3. Email phishing scams

Phone calls are not the only way criminals will reach out to taxpayers looking for money. Be on guard against fake emails trying to phish your personal data or bank account information too. Phishing scams include fraudulent email messages appearing to be from a legitimate business. Typically, they direct you to a spoofed website or ask you to reply with your private information. Sometimes they can even be specifically directed at you, including your name and job title.

A common phishing email red flag is messaging that pressures you to “click here” to verify your information or risk losing access to something, like an email or bank account. If you receive that type of email, you should understand most genuine businesses won’t take that type of action against their customers. That’s a good indication you’ve identified a fraudulent email.

The best defense against phishing emails is to carefully discard any documents containing your private information so that they don’t wind up in the hands of a criminal. You should also always be highly suspicious of any email asking you to enter personal information, click a link or open an attachment. If it seems untrustworthy, don’t click the link. Instead, contact that place of business directly to inquire about the request.

You can report phishing scams to the Federal Trade Commission or the Anti-Phishing Working Group.

4. Online tax filing impersonations

Similar to impersonating the IRS, tax criminals pretend to be representatives of popular online tax filing companies too. Those particular scammers stage fake websites using the real tax company’s likeness to trick customers into paying them money.

For example, tax scammers will create a website in a credible company’s name offering support services for a fee. They may even pay an internet search engine money to make their website link one of the first a customer sees if they search for support. When a customer finds that link and calls the helpline, the scammer will ask for payment before answering the customer’s questions. Once the customer provides their credit card number and the transaction is complete, the scammer will drop the call.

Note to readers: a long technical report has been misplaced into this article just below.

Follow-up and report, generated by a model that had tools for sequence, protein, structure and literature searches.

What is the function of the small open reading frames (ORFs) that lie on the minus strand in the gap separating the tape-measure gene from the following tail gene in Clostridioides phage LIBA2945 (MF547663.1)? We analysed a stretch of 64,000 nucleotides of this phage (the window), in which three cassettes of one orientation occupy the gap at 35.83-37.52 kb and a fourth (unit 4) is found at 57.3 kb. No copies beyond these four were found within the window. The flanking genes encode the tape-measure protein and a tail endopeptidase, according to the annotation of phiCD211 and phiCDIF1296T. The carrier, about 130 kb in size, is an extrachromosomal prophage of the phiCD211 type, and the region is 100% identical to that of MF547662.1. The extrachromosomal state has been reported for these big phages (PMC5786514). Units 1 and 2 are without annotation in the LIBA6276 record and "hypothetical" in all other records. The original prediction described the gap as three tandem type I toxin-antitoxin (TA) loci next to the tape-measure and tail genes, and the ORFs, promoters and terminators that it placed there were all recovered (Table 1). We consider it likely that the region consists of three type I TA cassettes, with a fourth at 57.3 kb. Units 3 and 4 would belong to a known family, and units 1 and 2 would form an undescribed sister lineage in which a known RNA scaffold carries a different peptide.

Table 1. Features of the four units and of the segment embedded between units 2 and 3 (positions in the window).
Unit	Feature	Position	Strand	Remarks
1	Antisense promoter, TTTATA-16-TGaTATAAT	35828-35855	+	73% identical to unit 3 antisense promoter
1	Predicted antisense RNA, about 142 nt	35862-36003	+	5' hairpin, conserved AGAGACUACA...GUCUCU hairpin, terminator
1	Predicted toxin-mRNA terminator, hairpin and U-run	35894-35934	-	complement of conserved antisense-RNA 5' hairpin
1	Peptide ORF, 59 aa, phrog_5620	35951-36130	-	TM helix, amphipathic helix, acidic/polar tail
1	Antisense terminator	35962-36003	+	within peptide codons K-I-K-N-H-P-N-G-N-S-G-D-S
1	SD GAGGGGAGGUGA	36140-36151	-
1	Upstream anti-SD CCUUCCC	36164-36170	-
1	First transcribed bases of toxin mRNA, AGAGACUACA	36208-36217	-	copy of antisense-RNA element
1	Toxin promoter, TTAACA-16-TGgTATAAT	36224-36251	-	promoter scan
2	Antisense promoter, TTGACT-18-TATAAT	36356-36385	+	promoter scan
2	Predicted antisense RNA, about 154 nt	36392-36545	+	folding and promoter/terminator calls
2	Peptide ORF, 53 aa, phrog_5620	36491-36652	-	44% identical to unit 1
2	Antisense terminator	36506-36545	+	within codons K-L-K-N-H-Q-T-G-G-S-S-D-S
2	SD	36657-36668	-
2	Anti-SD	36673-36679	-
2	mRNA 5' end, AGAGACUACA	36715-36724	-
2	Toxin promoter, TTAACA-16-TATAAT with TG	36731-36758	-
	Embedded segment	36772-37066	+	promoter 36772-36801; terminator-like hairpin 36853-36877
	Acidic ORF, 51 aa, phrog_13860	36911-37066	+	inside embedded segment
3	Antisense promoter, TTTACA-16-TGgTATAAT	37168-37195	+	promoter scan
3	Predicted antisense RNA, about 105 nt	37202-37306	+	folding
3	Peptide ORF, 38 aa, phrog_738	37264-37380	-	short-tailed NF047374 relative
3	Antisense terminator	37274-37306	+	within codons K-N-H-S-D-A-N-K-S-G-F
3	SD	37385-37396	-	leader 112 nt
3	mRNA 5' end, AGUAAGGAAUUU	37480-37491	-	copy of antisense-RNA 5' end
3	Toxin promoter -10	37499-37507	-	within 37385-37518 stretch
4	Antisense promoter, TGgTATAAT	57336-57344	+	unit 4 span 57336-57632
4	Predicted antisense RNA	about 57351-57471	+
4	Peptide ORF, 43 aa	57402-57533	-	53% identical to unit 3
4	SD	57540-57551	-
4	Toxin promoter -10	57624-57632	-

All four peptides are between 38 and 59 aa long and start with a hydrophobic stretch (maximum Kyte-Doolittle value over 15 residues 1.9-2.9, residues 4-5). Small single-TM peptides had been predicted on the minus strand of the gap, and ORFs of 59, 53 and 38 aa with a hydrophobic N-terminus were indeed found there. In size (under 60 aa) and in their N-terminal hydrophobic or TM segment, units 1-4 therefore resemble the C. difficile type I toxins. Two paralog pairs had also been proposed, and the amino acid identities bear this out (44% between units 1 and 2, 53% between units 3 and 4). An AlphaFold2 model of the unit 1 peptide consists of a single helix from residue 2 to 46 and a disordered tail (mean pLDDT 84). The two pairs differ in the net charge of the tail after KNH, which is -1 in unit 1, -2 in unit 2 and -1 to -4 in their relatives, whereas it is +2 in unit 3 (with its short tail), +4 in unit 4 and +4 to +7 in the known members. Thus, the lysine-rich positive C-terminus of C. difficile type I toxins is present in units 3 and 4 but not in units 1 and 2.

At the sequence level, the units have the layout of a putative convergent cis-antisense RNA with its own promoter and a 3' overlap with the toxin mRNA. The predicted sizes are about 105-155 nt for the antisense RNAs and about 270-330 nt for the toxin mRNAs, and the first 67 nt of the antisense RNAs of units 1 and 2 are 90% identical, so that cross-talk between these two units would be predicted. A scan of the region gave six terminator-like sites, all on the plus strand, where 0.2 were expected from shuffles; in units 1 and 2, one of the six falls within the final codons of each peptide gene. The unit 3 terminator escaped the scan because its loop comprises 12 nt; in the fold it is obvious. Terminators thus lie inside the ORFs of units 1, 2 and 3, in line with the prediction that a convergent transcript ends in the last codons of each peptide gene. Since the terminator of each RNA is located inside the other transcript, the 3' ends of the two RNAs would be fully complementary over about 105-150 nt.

If you need help when using an online tax filing product, double check you have the right website before calling the numbers listed. Ask yourself, does the site contain broken English, simple spelling mistakes or several grammatical errors? If so, it’s probably fake.

You should also pay close attention to the URL in the address bar of your browser. If any portion of it contains an odd combination of letters and numbers, there’s a good chance it’s fraudulent. If the URL starts with HTTP rather than HTTPS, it’s more than likely fraudulent. Secure, safe websites usually start with HTTPS because they went through the necessary certification to be declared secure. Most scammers won’t take the time to push their illegitimate website through the security certification process.

If you’re a TaxAct customer, you can contact our trusted customer service team here. Additionally, when speaking with a TaxAct customer service representative, you will never be asked for your password, full social security number, access to remote into your computer, or bank information, like routing or account numbers. If you are asked for any of that information, immediately hang up and locate the right contact number.

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Source : TaxAct Blog